The Metro Flood Stormwater Diversion Authority selected the Red River Valley Alliance (RRVA), a consortium of developers  consisting of ACCIONA, Shikun & Binui USA, and North American Construction Group, and its design and construction arm ASN Constructors, to facilitate the non-federal portions of the project. Specifically, the consortium is charged with developing, designing,  constructing, operating and maintaining the channel for three decades after construction.

For ASN Constructors, a group formed in 2021 specifically for this project, it’s an opportunity to demonstrate the productivity, collaborative and connected benefits of technology across a project from design through construction and even maintenance.

As Daniel Wagner, survey construction manager with ASN Constructors, confirmed, “The biggest challenge of this project is coordination and logistics.” 

 Therefore, every individual on the project is equipped with some form of connected technology, from the supervisors, surveyors and operators in the field to the project managers and model developers in the office.

Assured Design Intent

The Fargo-Moorhead stormwater diversion channel project is broken up into 14 reaches, which are each around 2-3 miles long. Every reach incorporates channel components such as the outer ditches, excavated material berms, maintenance roads and levee inlets. ASN broke ground on the project in 2022 with peak construction scheduled for 2024-2025. The organization has worked for the last year to set up a consistent, repeatable — and entirely digital — workflow.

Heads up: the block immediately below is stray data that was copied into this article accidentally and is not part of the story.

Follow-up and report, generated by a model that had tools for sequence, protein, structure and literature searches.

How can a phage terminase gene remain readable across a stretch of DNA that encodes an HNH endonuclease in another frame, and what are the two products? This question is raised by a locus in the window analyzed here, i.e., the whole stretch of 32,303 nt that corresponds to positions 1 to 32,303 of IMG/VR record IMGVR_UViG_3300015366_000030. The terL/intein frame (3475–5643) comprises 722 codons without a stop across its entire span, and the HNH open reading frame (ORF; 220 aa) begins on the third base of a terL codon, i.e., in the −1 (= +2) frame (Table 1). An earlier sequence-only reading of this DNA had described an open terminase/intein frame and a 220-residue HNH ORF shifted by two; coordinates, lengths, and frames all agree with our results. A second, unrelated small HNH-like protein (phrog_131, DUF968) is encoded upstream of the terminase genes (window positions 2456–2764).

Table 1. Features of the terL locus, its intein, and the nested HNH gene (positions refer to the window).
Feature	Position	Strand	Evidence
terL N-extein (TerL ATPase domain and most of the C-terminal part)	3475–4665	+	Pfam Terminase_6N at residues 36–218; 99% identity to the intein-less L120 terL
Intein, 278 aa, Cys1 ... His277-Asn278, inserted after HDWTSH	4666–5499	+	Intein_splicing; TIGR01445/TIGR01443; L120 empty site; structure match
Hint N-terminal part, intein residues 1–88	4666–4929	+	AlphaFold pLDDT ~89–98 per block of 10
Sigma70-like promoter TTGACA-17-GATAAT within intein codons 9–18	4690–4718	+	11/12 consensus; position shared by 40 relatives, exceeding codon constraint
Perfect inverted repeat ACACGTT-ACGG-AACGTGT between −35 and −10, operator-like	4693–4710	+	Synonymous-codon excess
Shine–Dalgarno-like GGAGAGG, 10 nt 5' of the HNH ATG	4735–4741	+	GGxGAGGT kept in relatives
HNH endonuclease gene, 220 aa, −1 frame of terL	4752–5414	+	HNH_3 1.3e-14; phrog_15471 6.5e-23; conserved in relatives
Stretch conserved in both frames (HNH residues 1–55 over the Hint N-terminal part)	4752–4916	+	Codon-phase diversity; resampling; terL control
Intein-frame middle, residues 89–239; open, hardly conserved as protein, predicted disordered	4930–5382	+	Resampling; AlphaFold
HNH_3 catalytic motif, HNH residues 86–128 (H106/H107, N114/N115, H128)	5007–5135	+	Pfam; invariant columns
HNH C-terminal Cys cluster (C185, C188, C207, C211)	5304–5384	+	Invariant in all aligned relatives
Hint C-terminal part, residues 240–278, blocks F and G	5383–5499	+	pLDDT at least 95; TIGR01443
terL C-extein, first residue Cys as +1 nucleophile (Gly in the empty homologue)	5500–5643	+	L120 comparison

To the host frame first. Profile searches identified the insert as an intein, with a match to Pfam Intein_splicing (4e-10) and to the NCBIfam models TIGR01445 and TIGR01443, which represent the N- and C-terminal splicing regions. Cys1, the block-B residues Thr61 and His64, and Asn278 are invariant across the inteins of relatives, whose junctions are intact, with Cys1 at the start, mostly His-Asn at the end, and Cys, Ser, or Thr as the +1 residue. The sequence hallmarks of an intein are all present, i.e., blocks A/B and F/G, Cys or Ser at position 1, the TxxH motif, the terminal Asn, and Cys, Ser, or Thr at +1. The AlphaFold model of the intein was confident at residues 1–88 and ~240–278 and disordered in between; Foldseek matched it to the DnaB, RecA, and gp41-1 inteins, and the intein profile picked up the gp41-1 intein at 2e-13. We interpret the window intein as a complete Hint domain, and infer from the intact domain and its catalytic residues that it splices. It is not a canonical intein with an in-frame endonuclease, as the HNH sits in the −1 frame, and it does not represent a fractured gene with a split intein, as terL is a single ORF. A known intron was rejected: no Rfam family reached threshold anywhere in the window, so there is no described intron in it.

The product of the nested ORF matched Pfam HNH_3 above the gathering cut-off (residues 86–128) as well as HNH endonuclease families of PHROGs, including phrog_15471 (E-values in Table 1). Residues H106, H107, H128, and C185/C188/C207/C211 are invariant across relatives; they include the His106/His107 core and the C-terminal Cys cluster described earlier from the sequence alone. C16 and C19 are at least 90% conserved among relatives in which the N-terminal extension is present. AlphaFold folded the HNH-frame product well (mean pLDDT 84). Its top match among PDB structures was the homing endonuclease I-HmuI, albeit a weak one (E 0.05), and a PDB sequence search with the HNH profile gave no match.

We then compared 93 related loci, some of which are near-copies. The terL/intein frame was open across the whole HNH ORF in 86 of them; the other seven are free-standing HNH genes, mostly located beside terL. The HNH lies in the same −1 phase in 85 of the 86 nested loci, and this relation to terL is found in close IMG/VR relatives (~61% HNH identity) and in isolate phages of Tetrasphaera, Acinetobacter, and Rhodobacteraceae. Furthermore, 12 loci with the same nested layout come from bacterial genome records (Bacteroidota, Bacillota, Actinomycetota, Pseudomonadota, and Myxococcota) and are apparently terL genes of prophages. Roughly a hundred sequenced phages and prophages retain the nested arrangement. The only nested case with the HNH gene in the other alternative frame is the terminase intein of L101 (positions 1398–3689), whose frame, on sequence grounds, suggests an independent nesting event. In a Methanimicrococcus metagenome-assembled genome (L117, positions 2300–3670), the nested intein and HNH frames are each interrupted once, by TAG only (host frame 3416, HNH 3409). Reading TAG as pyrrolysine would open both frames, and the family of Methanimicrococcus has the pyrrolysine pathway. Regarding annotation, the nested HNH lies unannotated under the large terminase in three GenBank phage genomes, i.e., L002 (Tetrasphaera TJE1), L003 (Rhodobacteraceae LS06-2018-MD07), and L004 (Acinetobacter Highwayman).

Daniel Wagner, survey construction manager with ASN Constructors, said, “One of the critical drivers on this project is safety of our crews in the field. Access to the long-time and continually changing jobsite with dozens of pieces of moving equipment is always a challenge. Our challenge on this project was to keep our team, particularly our survey crews, as safe as possible and as remote as possible. Our continually advancing digital and connected workflow is doing that and much more.” 

The first step on every reach is to verify design data with aerial mapping.

In a weekly basis, the survey team relies on Trimble® Stratus for mapping topographical information on the site to gather existing conditions. “If there are discrepancies between the design data and the aerial scans, we are able to visually show that to the customer inside Trimble Stratus.”

However, from the surveyor’s perspective, the aerial data is not the precision needed for models that will be used in equipment. “UAVs are a great tool for gathering a lot of very accurate data,” said Wagner. “We also collect data on the ground with a suite of Trimble survey solutions including ground-based LiDAR scanning to the workflow. That data goes back to the model as a quality control check, and the model is then passed along to the engineer-of-record.”